Tsunami debris from the earthquake that struck Japan in March is heading straight for the West Coast, though the 20 million pounds of debris will not likely hit the U.S. for two to three years, scientists say.
Researchers at the University of Hawaii's International Pacific Research Center (IPRC) have estimated the debris will hit the Windward Islands in December, Hawaii in two years and the west coast mainland in three years. Using a computer model to document the ocean currents, researchers found the trajectory of debris from Japan, which amounts to millions of tons.
Russian ship STS Pallada spotted the debris in the Pacific Ocean on its way from Honolulu to Vladivostok in Russia.
Yesterday, i.e. on September 22, in position 31 [degrees] 42,21 N and 174 [degrees] 45,21 E, we picked up on board the Japanese fishing boat. Radioactivity level - normal, we've measured it with the Geiger counter, a member of Pallada told MSNBC. At the approaches to the mentioned position (maybe 10 - 15 minutes before) we also sighted a TV set, fridge and a couple of other home appliances.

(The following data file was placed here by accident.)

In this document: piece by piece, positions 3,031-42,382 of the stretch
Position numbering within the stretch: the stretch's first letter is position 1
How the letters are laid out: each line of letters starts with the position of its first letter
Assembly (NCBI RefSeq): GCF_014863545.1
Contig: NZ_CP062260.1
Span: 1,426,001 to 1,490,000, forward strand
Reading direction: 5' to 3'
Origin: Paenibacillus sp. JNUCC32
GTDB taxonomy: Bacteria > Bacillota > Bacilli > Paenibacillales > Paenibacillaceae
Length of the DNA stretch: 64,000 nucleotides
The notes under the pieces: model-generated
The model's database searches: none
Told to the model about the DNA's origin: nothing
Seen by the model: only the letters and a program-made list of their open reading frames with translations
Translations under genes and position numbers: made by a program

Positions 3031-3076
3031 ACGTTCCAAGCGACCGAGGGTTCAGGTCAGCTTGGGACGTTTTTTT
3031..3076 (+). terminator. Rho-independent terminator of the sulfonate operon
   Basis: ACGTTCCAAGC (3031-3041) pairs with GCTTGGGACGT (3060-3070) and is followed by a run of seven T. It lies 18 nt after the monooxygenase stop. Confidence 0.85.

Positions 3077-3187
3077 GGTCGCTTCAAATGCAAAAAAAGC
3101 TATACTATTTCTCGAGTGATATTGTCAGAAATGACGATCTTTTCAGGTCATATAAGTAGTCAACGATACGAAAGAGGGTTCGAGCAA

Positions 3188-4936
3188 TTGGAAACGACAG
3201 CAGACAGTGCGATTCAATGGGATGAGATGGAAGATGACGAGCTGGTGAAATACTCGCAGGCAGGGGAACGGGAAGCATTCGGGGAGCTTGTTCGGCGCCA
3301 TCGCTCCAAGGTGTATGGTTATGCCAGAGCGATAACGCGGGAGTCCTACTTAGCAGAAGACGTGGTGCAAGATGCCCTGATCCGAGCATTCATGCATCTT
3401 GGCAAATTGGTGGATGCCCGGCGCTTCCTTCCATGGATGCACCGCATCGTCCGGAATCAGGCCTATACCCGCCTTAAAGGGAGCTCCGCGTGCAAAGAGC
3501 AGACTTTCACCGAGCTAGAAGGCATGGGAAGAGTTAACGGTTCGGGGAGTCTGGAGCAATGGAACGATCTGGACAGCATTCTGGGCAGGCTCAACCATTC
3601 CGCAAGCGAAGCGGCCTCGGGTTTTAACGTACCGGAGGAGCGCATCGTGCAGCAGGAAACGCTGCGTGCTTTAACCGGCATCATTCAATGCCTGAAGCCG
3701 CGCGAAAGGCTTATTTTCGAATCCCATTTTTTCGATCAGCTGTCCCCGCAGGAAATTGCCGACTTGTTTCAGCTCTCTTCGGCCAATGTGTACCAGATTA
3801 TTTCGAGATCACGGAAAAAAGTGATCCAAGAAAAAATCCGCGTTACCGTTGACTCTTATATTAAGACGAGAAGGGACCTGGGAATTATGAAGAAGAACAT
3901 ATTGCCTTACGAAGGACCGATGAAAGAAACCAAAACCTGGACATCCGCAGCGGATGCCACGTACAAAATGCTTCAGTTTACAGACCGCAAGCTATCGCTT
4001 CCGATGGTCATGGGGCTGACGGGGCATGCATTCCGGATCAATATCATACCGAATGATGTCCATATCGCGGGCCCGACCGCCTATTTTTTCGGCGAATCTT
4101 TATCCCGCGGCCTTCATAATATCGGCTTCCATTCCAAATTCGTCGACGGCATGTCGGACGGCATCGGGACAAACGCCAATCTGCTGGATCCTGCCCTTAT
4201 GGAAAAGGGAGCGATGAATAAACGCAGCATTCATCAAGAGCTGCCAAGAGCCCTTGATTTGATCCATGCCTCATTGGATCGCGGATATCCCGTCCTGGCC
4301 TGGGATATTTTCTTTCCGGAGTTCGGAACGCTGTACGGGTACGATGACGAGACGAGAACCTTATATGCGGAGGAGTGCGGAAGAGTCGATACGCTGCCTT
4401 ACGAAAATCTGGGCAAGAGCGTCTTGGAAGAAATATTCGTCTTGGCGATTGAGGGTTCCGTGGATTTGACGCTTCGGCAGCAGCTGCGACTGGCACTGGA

The spot of the debris was some 2,000 miles from the original tsunami site, and included pieces of houses and various items from shoes to televisions to home appliances, observers reported.
The tsunami, which sent millions of tons of debris into the Pacific Ocean, was caused by a 9.0 magnitude earthquake in Japan.
The March 11 earthquake took the lives of 20,000 people and destroyed the Fukushima plant, which has ravaged the country.
Pinpointing the exact location of the debris allowed scientists to predict when and where it would make a landfall and how much there will be, along with ensuring the safety of small ships passing through the area. The International Pacific Research Center expects as much as 20 million tons of debris (or a little as 5 million) to hit the Windward Islands this December, followed by Hawaii in two years and the U.S. West Coast in three years.